رژیم نرخ ارز، صرفه جویی در عرضه بیش از تقاضا و پازل فلدستین هوریوکا : تجربه شرق آسیا
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Publisher : Elsevier - Science Direct (الزویر - ساینس دایرکت)
Journal : Physica A: Statistical Mechanics and its Applications, Volume 387, Issue 11, 15 April 2008, Pages 2561–2564
This paper investigates whether the recent experience of the emerging East Asian countries with current account surpluses is consistent with the “saving glut” hypothesis and the Feldstein and Horioka puzzle. The evidence suggests that the saving retention coefficients declined substantially in most of the countries after an endogenous break date coinciding with a major exchange rate regime change with the 1997–1998 crisis. Exchange rate flexibility appears to be enhancing financial integration. The results are consistent with an “investment slump” explanation rather than the “saving glut” postulation.
The development of substantial domestic saving-investment gaps has been at the centre of debate in international macroeconomics with the recent experience of large current account (CA) imbalances of a number of countries including the US. The recent CA surpluses of emerging East Asian countries have drawn special attention as they have been a major source of finance of the growing US CA deficits. According to the “saving glut” explanation of the global imbalance expounded by Bernanke , excess domestic saving over investment (CA surplus) especially in East Asia indeed has caused the sustainability of the US CA deficits. The “saving glut” and the global imbalances are closely related to the Feldstein and Horioka puzzle (Feldstein and Horioka , hereafter FH) that the saving (S)-investment (I) relationship has been persistently strong in spite of policy regime changes towards flexible exchange rates and capital mobility. Coakley et al.  provides a recent survey of the FH literature. FH consider the following equation: equation(1) It=γ0+γ1St+ut.It=γ0+γ1St+ut. In (1), uu is a disturbance term and γ1γ1 is the ‘saving retention coefficient’. In a financial autarky, investment can only be financed by domestic saving causing γ1=1γ1=1. With capital mobility, investment can be financed by the worldwide pool of saving and domestic saving can be a source of overseas investment, thus the value of γ1γ1 decreases. Consequently, γ1γ1 is an indicator of the extent of capital mobility in the FH sense. A γ1γ1 of zero (one) indicates perfect (the absence of any) capital mobility. The growing global imbalances may be interpreted as reflecting an increase in international financial integration in the FH sense. However, such an interpretation does not make a clear distinction between CA deficits and surpluses persisting under different exchange rate (ER) regimes. Furthermore, CA imbalances, γ1γ1 and thus the FH puzzle may not be invariant to the prevailing ER regime (Sarno and Taylor , Özmen and Parmaksız ). Fixed ER regimes are often associated with CA deficits due to a real appreciation of domestic currency. A (credible) fixed ER regime, according to Razin and Rubinstein  p. 122, “provides a less risky environment for investors and the country may be able to attract more external funds to complement more domestically funded investment”. Consequently, γ1γ1 may be expected to be higher under a fixed ER regime. ER flexibility, on the other hand, can act as a shock absorber  or a disciplining device on CA deficits  by allowing exchange rates to adjust to CA disequilibrium. The experience of most of the East Asian countries with CA deficits under fixed ER regimes until 1997–1998 and surpluses thereafter under ER flexibility may be consistent with the argument that the FH puzzle is not invariant to ER regime changes. The following section investigates this issue empirically. To this end, we first test whether there is no endogenous break in γ1γ1 for the emerging East Asian countries. We then proceed with the investigation of the postulation that the shifts in γ1γ1 can be explained by ER regimes. The results are discussed also in the context of the “saving glut” arguments.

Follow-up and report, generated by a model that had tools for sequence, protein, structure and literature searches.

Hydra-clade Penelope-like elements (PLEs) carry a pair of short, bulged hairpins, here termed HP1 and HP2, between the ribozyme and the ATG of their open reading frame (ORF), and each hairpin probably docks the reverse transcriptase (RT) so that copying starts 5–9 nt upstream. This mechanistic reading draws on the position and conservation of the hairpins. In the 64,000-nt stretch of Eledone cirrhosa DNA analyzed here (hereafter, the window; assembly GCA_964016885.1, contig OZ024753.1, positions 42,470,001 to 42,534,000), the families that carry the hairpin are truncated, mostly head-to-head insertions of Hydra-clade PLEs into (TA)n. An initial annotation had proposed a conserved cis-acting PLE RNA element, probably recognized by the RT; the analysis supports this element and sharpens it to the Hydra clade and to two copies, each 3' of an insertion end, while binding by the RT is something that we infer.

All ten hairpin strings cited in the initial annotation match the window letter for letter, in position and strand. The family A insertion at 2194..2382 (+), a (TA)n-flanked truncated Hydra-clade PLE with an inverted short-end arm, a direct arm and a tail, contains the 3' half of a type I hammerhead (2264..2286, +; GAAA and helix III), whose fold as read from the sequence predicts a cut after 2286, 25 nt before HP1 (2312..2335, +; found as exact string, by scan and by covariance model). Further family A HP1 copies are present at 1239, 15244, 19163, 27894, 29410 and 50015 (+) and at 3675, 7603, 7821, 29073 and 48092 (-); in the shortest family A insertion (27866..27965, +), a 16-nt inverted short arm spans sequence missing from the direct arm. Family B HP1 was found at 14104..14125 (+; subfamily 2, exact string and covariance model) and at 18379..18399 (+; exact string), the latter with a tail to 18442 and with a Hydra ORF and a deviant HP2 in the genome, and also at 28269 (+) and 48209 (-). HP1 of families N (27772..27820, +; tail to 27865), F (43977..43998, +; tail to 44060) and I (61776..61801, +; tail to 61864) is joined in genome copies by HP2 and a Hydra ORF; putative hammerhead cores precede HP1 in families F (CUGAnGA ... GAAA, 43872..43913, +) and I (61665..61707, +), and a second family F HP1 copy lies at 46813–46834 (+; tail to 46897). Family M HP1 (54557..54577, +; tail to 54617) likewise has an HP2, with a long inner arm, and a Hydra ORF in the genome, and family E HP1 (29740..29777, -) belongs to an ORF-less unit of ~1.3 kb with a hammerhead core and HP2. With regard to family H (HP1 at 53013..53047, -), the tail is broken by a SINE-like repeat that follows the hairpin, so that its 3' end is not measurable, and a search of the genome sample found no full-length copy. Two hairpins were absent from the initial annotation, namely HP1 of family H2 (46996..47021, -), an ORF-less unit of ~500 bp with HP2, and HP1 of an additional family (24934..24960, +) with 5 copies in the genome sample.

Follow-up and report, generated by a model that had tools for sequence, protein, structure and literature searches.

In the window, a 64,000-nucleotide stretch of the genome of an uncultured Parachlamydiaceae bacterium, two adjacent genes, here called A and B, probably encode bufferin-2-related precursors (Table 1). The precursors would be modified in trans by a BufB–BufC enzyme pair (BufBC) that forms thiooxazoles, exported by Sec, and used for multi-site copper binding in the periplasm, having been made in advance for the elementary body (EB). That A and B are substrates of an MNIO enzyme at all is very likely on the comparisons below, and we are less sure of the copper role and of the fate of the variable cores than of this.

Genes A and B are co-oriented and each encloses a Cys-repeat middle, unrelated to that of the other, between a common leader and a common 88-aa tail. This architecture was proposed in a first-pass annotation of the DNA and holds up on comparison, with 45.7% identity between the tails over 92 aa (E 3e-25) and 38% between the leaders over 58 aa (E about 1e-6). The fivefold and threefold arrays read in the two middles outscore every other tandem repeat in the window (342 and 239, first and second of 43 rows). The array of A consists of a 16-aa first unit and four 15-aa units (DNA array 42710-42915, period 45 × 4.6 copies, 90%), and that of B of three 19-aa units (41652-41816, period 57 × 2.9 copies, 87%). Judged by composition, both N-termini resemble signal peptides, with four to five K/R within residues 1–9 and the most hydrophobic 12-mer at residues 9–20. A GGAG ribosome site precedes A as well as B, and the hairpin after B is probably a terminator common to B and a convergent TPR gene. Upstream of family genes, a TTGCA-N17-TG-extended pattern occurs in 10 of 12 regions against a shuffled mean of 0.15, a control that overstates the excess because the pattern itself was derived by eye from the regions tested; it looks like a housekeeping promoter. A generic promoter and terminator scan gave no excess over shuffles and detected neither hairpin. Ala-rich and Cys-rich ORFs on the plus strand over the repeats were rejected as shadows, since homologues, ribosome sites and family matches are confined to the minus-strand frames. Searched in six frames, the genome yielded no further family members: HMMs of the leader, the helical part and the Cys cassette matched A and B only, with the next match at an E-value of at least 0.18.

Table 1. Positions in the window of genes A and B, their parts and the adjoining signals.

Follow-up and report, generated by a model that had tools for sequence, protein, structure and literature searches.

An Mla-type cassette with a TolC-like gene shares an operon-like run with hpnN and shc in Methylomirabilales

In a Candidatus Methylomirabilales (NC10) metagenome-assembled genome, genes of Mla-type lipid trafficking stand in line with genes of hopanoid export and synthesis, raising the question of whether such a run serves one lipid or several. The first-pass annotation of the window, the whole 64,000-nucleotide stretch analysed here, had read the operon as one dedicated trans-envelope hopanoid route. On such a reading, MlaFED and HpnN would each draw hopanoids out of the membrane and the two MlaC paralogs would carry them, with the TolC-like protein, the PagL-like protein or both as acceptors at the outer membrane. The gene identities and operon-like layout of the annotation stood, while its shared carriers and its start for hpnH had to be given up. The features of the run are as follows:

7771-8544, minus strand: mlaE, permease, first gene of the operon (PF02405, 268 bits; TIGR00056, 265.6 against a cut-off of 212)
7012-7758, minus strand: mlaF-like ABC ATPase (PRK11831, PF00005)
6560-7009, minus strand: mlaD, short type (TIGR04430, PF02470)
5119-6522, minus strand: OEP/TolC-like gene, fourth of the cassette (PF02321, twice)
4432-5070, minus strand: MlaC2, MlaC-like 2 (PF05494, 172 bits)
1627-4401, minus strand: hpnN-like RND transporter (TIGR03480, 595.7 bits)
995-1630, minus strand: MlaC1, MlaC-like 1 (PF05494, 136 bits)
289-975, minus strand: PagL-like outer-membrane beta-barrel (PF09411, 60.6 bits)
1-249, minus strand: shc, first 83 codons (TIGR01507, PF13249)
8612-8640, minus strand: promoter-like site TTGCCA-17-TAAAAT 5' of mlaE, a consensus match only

نتیجه گیری انگلیسی
This paper investigated whether the recent experience of the emerging East Asian countries is consistent with the “saving glut” hypothesis and the FH puzzle. The evidence suggests a substantial decline in the saving retention coefficients after the estimated endogenous break date coinciding with a major ER regime change with the 1997–1998 crisis. Consistent with the view that a CA targeting policy is most plausible under managed exchange rates, the investment-saving relationship is found to be high under fixed ER regimes for all of the countries except Hong Kong, Singapore and Malaysia. Hong Kong and Singapore appear to be financially integrated through the period. In all the countries, except Malaysia which imposed capital control after the crisis, γ1γ1 declines with ERR flexibility. In the FH context, this supports that flexible ER regimes enhance financial integration. The “saving glut” view contends that it is the excess saving over stable investment causing CA surpluses in the emerging East Asian countries. This may not be compatible with the recent East Asian data as domestic saving remained relatively stable whilst investment declined sharply in almost all of the crisis-hit countries . The downward shift in the saving retention coefficient after the estimated endogenous break date provides an important insight for the explanation of the recent CA surpluses of the East Asian countries. The CA imbalances appear to reflect basically investment dynamics. Consequently, “an investment slump”  and  under relatively stable saving rates rather than the “saving glut” may be a better interpretation of the recent East Asian experience.